Recognizing that it is difficult to ameliorate environmental problems without understanding their connections to associated social changes, we aim to research the complex feedback loops that connect environmental and social change in the salmon-farming industry of southern Chile. We propose to map and analyze the social transformations brought about by comparing the region before and after the advent of salmon farming using methodologies from the humanities and social sciences. Data will be gathered through quantitative and qualitative surveys, archival research, and collaborations with ongoing research in Chile.
By Alexei Koseff
Chile's once-fledgling salmon aquaculture industry is now the second largest in the world. Since 1990, the industryhas grown 24-fold and now annually exports more than half-a-million tons of fish worth billions of dollars, according to the Chilean government.
But that massive economic growth has had equally massive environmental and social effects, say researchers. Today, the coast of southern Chile, where the aquaculture industry is based, has been altered by the introduction of exotic species of salmon, high levels of pollution, and the spread of parasites and diseases among the fish. And the influx of large, corporate-run salmon farms has transformed traditional fishing communities and drastically altered the livelihoods of independent fishermen.
With the Chilean aquaculture industry targeting another two-fold increase by 2010, its impact will only grow, says Zephyr Frank, an associate professor of history at Stanford University. In 2008, Stanford's Woods Institute for the Environment awarded Frank and his colleagues an Environmental Venture Projects (EVP) grant to map and analyze the transformation of southern Chile before and after the advent of salmon farming.
"Salmon aquaculture is changing life in Chile in a physical way but also in a larger social context," Frank said. "We're trying to assess whether large-scale aquaculture has exacerbated inequality in the country."
The EVP study arose from a collaboration with Woods Institute Senior Fellow Roz Naylor, a professor of environmental Earth system science at Stanford and director of the Stanford Program on Food Security and the Environment; and Andy Gerhart, a graduate student with Stanford's Emmett Interdisciplinary Program in Environment and Resources.
Frank said that the project fits well with the interdisciplinary focus of the EVP program. "We thought it would be an exciting case study where we could combine our interests in social science, biology, and history," he said. "It's looking at how people experience environmental change."
The initial goal of the project was to do a limited, targeted study of salmon farming in Chilo, a province in southern Chile. "It was less of a historical, social analysis and more of an economic, environmental analysis," Frank said. "Andy developed the historical-social side more and fleshed the project out as a holistic study."
In summer 2009, the research team collaborated with local enumerators, who conducted a random survey of more than 800 households in Chilo. In addition to quantitative ecological and demographic data, including questions about income and health, the survey focused on social and cultural changes, such as the creation of new communities as people migrate to southern Chile to work in the aquaculture industry, and changing gender roles as more women enter the workforce.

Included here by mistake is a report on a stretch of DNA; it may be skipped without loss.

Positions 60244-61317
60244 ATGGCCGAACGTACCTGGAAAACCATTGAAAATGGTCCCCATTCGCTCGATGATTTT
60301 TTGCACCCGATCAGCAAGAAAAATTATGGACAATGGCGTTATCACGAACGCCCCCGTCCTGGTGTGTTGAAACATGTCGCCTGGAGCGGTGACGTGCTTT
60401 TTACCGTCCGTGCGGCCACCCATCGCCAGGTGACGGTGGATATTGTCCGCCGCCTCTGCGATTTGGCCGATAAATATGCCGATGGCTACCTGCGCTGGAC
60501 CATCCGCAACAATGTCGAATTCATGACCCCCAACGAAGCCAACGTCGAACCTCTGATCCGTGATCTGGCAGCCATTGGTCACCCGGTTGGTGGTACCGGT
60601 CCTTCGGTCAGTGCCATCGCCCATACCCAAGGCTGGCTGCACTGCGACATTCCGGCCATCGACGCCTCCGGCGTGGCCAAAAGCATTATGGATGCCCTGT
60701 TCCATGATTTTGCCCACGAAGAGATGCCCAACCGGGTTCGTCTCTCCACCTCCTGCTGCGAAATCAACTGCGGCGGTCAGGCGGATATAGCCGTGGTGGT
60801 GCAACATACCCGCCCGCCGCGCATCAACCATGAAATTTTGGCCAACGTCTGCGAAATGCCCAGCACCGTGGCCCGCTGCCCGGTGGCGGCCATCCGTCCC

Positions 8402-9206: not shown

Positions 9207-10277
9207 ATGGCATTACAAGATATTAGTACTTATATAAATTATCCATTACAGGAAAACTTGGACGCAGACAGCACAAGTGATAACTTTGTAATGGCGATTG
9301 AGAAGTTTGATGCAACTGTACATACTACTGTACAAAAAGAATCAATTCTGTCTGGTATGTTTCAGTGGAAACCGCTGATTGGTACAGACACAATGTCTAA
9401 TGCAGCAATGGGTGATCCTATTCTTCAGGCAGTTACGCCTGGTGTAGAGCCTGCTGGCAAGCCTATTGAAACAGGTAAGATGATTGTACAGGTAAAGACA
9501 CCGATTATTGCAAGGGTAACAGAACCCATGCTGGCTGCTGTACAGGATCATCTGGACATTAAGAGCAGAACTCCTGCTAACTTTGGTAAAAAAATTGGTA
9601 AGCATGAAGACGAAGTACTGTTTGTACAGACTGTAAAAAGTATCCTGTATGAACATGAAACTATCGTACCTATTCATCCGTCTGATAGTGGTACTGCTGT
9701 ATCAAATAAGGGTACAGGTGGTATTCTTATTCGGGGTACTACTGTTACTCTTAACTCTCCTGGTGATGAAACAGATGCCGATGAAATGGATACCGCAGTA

Frank hopes to use the results of the survey to detect patterns in attitudes about the environment and the salmon farming industry. "We were wondering if people perceived salmon aquaculture in contradictory ways," he said.
The team is just beginning to analyze the survey data, but already some trends are emerging. "Right off the bat, what most stands out are significant differences in opinion from one community to another," Frank said. "Specific place seems to matter."
The data suggest that there could be something particular to the culture or norms of individual communities that affects how they perceive the salmon industry, Frank added, and he wants to explore what those differences are. "That's exciting, and it's something I can sink my teeth into," he said.
The next step in the project is to develop deeper, more probing survey questions and then gather in-depth oral testimonies from people in the region. Ultimately, the team will combine these survey results with plots of qualitative environmental and demographic data to produce a picture of the complex relationship among salmon aquaculture, the environment, and social practices. Understanding how the industry has transformed Chilean society today will offer a glimpse into how that transformation may continue in the future, Frank explained.
Eventually, he intends to make the research available to local governments and NGOs, with the hope of contributing to a more informed policy discussion and a more sustainable aquaculture industry. "There are going to be lots of different voices," Frank said. "But by putting good- quality, reasonably complex research out there, it cannot help but enhance any policy debates."
And with aquaculture now accounting for half of all fish consumed worldwide, according to a recent 'Aquaculture in an era of finite resources' study co-authored by Naylor, the global community as a whole is fundamentally changing how it interacts with the ocean, Frank said. Therefore, understanding the effects of aquaculture is more important than ever, he added, noting that the model he and his colleagues develop for Chile may become an important resource for examining the impact of fish farming worldwide.
Alexei Koseff is a writer-intern at the Woods Institute for the Environment at Stanford University.